by Reed Smith Transportation Industry Group partner Nick Austin
Posted on: 8 November 2021
Shipping lawyers like me often talk about “the next big thing”, but rarely do we pluralise it to suggest that not one, but maybe two or even three transformational changes are about to be keenly felt across the sector.
A case in point: much has been said (including by me) about the rapid pace of digitisation in shipping. And in particular the advent of electronic trade documents which have the potential to revolutionise the marketing of commodities and carriage of goods by sea, so long as the main commercial legal systems keep up with the technology. In the UK, the Law Commission’s commendable initiative on changing English law to create an equivalence between paper and digital trade documents is precisely what is needed and, once in force, should keep English law at the forefront of the commercial world.
But if it seems inevitable that the sector will move away from paper-based transactions, the timing is unknown. My own view is that change could come quite quickly if an inflection point is reached and the industry perceives that the legal and technological challenges have been overcome, paving the way for widespread adoption. But it could take much longer.
The difference with the second “next big thing” is that, whether you like it or not, the IMO’s new EEXI and CII regulations are coming into force in less than 14 months’ time, on 1 January 2023. At Reed Smith, we are seeing a growing number of enquiries about what the regulations mean for our clients’ business, their charterparty arrangements and, crucially, whether vessels will need to reduce speeds and/or cargo intakes to comply with the regulations. Much of the detail and technology still needs to be ironed out – indeed, it is reported that the International Association of Classification Societies (IACS) will not be in a position to provide crucial technical guidance to the LNG sector until just a few months before the regulations come into force.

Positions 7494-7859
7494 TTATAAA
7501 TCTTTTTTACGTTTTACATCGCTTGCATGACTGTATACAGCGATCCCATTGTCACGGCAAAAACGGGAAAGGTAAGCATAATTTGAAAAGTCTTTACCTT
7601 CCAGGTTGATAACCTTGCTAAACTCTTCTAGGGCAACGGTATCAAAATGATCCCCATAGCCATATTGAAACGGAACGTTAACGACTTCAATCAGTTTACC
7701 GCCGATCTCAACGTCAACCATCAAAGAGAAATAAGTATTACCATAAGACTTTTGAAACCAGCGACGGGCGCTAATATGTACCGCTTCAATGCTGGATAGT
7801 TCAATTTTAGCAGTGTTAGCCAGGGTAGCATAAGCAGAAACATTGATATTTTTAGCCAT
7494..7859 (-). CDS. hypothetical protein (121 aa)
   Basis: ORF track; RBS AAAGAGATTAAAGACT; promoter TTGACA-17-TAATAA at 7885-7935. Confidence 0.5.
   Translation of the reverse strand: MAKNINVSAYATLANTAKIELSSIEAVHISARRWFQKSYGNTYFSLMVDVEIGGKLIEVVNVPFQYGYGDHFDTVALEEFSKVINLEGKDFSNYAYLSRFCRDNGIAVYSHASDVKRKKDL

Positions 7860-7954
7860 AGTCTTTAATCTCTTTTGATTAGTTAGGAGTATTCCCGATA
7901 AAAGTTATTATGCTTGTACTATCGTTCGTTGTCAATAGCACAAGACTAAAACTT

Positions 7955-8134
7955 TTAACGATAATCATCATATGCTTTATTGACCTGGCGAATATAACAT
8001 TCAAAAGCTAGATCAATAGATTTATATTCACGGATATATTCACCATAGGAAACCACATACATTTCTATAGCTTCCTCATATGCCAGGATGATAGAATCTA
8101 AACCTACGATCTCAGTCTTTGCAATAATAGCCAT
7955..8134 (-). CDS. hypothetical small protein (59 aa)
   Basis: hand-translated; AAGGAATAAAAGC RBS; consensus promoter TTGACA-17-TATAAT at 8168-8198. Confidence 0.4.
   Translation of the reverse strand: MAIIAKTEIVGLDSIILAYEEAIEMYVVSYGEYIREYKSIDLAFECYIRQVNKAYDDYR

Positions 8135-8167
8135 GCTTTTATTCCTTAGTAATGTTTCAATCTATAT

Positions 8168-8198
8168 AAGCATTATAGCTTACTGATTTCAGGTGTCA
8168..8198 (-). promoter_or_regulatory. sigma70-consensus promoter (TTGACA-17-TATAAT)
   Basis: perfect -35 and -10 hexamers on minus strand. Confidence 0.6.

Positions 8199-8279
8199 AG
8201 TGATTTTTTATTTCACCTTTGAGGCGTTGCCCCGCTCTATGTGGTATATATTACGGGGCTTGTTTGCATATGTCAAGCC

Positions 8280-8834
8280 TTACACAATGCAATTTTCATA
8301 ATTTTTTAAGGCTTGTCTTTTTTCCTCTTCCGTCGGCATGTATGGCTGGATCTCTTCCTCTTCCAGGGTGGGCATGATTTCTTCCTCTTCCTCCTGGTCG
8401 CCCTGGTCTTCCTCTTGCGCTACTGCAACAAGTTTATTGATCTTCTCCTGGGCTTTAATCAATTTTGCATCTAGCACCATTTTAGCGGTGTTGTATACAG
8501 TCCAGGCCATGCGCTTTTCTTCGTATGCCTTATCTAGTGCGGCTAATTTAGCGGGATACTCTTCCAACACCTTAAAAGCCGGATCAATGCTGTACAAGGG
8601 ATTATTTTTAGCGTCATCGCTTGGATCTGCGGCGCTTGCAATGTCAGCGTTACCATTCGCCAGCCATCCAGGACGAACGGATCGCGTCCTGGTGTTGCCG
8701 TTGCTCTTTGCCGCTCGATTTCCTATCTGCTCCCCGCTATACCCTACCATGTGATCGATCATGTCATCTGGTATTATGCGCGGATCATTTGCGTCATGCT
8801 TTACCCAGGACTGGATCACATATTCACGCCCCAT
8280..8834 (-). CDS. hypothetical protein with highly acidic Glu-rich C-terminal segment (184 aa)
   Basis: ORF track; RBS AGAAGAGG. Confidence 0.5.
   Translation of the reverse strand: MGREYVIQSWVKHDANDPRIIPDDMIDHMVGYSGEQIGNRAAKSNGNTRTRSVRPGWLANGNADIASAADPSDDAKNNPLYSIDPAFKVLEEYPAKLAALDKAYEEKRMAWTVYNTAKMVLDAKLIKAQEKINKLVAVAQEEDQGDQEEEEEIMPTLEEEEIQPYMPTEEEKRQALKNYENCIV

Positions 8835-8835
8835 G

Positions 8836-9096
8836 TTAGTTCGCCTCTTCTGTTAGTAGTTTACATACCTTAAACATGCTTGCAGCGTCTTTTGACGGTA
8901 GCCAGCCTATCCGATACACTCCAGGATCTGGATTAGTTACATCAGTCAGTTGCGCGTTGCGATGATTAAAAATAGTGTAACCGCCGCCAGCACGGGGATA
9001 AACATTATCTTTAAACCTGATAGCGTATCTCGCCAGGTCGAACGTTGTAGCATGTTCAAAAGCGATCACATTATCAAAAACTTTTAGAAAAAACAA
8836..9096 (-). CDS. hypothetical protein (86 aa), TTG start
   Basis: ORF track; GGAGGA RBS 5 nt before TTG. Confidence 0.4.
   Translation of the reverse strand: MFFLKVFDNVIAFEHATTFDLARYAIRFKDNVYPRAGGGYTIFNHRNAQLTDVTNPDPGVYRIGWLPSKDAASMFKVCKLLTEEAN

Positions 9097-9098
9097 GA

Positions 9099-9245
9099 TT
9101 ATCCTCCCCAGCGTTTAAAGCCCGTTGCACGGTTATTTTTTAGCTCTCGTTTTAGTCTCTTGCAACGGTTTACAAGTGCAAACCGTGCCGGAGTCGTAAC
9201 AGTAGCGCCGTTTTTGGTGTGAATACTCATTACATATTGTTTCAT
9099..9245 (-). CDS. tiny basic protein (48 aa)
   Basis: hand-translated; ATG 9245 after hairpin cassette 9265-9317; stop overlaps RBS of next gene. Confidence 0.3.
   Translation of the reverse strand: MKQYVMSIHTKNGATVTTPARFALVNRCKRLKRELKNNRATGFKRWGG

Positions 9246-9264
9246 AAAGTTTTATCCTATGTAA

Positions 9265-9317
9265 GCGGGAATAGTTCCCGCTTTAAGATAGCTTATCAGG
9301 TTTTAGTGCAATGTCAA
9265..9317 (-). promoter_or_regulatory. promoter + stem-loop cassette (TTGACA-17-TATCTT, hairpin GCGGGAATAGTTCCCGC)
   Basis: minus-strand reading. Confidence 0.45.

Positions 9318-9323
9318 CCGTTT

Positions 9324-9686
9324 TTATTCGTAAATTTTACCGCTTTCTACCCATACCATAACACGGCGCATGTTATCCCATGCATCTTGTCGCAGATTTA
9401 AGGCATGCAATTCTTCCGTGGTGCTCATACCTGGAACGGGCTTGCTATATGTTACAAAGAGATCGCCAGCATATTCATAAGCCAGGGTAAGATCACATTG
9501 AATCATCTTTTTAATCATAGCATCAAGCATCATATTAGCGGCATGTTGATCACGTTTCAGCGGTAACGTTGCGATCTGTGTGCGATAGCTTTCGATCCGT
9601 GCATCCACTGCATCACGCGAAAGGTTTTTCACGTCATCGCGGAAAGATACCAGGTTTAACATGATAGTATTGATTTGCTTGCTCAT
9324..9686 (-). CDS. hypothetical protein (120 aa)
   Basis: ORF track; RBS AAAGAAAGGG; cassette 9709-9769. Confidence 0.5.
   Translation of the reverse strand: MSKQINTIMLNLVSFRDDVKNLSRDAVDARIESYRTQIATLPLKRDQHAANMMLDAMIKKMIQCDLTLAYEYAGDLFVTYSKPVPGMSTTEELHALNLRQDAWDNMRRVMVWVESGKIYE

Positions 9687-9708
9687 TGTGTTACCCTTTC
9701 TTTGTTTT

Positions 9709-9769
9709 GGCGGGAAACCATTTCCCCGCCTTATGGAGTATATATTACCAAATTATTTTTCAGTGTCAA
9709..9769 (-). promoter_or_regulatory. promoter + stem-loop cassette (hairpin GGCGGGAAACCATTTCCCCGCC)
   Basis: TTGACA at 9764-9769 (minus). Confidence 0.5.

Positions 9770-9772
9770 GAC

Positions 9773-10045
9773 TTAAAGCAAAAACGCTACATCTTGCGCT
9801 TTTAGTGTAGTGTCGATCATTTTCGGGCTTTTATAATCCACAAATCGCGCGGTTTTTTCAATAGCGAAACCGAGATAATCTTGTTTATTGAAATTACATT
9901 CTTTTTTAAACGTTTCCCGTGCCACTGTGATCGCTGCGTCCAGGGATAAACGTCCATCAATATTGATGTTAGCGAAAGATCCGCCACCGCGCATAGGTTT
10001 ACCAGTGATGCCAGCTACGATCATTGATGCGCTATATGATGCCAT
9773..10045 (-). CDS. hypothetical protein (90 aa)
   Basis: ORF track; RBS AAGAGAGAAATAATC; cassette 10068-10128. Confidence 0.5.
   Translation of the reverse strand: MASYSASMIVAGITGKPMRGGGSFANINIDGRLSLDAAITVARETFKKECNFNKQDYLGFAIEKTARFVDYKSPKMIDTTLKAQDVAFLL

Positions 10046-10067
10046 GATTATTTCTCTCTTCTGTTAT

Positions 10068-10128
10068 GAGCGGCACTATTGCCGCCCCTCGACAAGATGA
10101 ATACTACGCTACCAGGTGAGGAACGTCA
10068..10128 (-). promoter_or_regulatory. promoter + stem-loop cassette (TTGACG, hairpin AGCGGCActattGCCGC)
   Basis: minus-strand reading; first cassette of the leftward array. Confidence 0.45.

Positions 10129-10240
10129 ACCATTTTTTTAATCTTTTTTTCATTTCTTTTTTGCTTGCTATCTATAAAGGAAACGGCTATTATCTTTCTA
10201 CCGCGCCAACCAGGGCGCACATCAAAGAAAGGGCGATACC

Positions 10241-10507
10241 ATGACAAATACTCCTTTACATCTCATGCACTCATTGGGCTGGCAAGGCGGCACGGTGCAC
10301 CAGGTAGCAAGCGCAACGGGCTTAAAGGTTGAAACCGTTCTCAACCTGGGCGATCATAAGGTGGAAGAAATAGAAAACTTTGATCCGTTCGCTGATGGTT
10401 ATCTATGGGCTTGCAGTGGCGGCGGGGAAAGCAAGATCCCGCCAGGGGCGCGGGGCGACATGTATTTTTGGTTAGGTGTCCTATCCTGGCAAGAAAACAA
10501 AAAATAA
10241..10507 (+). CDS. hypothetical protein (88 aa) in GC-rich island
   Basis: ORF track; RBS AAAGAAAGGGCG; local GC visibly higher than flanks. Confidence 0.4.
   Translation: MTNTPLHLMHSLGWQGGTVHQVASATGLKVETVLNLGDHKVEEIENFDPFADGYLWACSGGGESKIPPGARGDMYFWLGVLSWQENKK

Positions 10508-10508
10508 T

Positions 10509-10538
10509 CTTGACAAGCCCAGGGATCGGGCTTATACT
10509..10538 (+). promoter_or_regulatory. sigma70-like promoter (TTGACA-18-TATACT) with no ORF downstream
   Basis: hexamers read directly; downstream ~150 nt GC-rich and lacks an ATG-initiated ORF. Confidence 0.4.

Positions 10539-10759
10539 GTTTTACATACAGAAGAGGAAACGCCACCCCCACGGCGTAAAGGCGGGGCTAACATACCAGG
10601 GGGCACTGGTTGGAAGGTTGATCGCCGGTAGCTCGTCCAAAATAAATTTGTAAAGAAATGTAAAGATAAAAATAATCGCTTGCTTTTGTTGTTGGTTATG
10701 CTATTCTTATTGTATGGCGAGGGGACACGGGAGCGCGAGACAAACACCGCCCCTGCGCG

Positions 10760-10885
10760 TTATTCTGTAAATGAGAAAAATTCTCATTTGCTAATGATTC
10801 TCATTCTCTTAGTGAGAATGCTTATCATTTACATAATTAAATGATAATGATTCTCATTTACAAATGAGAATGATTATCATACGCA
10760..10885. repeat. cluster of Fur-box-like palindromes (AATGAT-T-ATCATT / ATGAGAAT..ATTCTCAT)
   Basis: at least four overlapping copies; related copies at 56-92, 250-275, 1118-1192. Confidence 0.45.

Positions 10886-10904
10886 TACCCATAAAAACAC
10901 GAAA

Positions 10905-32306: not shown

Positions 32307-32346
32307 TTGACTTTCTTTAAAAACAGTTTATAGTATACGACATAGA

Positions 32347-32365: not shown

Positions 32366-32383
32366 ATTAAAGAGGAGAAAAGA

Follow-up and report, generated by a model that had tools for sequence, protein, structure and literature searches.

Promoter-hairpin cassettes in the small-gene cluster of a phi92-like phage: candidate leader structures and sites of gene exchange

Briefly, the EEXI is a framework for determining the energy efficiency of in-service vessels over 400 GT that fall under MARPOL Annex VI. The CII is an operational measure of how efficiently a ship transports goods or passengers and is given in grams of CO2 emitted per cargo-carrying capacity and nautical mile. Both are a central part of the IMO’s stated aim to reduce emissions from vessels by 50% by 2050.
As always with new regulations (think IMO 2020 and low sulphur) the devil will be in the detail. The problem is that the detail remains largely unknown. The next 12 months will therefore be a critical period for the sector and may soon resemble a rush to understand, invest in and implement the right strategies in time for January 2023. Whether that becomes a gathering storm, or just a ripple in the pond, remains to be seen.